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v2.0

How I Do It

Granted, I'm not much of an artist. I draw because I enjoy it, not because I feel I'm any good at it. I draw My Little Ponies because I like to bring them to life, and I do not believe the Hasbro executives did them any justice, and because, heck, I enjoy it. I like to give the ponies personalities, darker sides, attitudes. If I ever do finish one of the many fanfics, you'll see that my version of Ponyland is a rather dark and, at some times, brooding place. It's all part of the individual love of a tou that demanded so much of my childhood.

I don't have any real influences. I originally based my drawings from the original animation; Firefly's Adventure, because, let's face it, that's the best. The animation really, really, deteriorated from there on. The last series, with the seven characters and such, is also a little reflected in my work because, well, I like the idea of ponies walking on hind legs and driving cars. Anthropomorphic ponies offer so much scope. I also am vaguely inspired by anime. I'm not a massive anime fan, but I love the artform and am still trying to pefect anime-style colouring and eyes on MLPs! Midas up there is an example of my attempts.

I used to use 100% Paint Shop Pro 5.0, but now I use both PSP and Adobe Photoshop 5.0. I intend to get Painter someday, but it's so awfully expensive. A lucky Christmas present perhaps? ^_^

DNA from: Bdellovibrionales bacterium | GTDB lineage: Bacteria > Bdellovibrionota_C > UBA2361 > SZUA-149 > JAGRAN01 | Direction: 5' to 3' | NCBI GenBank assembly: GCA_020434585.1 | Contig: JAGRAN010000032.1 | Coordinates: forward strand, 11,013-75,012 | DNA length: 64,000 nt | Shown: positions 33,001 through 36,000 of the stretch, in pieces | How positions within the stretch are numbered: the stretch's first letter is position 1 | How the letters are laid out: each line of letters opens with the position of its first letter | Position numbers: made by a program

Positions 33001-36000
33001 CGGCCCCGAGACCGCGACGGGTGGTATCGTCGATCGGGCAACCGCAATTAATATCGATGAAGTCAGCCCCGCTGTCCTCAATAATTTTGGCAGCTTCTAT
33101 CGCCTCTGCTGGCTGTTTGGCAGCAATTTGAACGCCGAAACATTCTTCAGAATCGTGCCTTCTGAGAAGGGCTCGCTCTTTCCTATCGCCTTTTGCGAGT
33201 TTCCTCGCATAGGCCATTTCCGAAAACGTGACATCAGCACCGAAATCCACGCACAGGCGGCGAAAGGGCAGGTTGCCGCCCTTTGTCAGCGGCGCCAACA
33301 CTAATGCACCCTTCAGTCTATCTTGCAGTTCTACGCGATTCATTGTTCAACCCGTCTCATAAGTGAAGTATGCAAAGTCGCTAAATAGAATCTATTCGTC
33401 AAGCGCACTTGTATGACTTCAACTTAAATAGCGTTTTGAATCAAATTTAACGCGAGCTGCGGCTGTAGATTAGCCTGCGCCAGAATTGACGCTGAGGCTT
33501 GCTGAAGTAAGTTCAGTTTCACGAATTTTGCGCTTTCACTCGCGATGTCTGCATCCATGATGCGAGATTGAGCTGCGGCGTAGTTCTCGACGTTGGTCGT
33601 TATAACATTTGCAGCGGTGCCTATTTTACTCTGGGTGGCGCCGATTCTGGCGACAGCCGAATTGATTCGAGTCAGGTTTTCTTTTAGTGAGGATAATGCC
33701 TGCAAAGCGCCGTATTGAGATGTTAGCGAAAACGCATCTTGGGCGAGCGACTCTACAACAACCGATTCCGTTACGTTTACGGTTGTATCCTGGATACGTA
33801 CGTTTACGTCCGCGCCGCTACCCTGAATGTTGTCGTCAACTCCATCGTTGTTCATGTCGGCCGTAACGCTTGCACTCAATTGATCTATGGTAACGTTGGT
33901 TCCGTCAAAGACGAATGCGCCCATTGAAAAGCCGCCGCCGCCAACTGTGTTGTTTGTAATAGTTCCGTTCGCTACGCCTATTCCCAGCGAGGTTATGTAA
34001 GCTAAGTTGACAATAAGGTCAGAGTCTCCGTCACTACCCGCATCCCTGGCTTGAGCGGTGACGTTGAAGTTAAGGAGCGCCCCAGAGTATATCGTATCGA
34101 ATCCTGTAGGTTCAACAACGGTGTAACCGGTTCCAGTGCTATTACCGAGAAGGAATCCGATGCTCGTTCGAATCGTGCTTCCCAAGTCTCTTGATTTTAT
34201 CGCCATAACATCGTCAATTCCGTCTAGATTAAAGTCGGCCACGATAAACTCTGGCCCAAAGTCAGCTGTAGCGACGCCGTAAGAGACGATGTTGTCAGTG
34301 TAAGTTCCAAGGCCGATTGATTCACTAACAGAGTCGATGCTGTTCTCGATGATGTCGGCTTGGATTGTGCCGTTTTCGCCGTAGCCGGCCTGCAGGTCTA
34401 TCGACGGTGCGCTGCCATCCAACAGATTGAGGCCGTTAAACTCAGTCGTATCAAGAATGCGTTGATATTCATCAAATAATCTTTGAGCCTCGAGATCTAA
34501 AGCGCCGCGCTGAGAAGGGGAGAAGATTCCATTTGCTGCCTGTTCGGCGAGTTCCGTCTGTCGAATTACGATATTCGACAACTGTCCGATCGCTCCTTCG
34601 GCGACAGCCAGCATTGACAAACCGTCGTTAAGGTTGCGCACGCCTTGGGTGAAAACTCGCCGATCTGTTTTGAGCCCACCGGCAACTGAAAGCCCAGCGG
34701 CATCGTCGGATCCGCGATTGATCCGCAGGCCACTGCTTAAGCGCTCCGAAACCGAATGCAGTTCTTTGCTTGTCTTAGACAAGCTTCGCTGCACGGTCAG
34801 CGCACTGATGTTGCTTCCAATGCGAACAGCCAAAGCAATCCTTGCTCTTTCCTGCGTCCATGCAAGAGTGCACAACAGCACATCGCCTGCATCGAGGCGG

Step One - Sketching the pony
I don't use any special equipment or expensive art-media to draw the initial pony. There's simply no point for it if I'm going to scan and manipulate it on the PC. So I take any paper I can lay my hands, on (I usually have reams and reams of printer paper), and use a normal pencil to sketch out the basic idea of the pony.
I hate to say it, but yes, I follow the balls and lines approach. As a youngster, I used to hate reading these 'how to draw' books when they'd go on about 'circles' and 'buckets'. But, alas, that's how I do it now. A MLP face is exptremely out of proportion, really, for any real pony. The easiest way to keep in track is to perform the divided circle and hope you got the lines in the right place. I used to draw foxes and dogs 24 - 7, and have carried a few tricks along into MLP drawing, such as getting the nose right by drawing a 'box'.
It's also good to find an original pose. It can be daunting at times, especially when ponies are so out of proportion, but there's nothing more boring than the image of a pony just...standing. Pegasi offer a lot of scope, but it's difficult to remain faithful to the Hasbro 'small wing' approach, if you want your pegasus to look at all believable. Mine all have 'reasonable' sized wings.

Step Two - Inking the pony
Now, ink her in. Simple, really. These days, I use a fountain pen. It's not an expensive one, either, and the ink I'm currently using is, er, pink. See, it doesn't matter when you're scanning! I use a fountain pen because the ink flow is nice and steady and neat, and you don't have to press hard like you would a normal biro, to get a good line. I'd usually use blue or black but I could only find a pink cartridge. For those wondering, yes, every image on this site was drawn with the pink ink ^_^ See, it makes no difference. Then, of course, rub out the lines.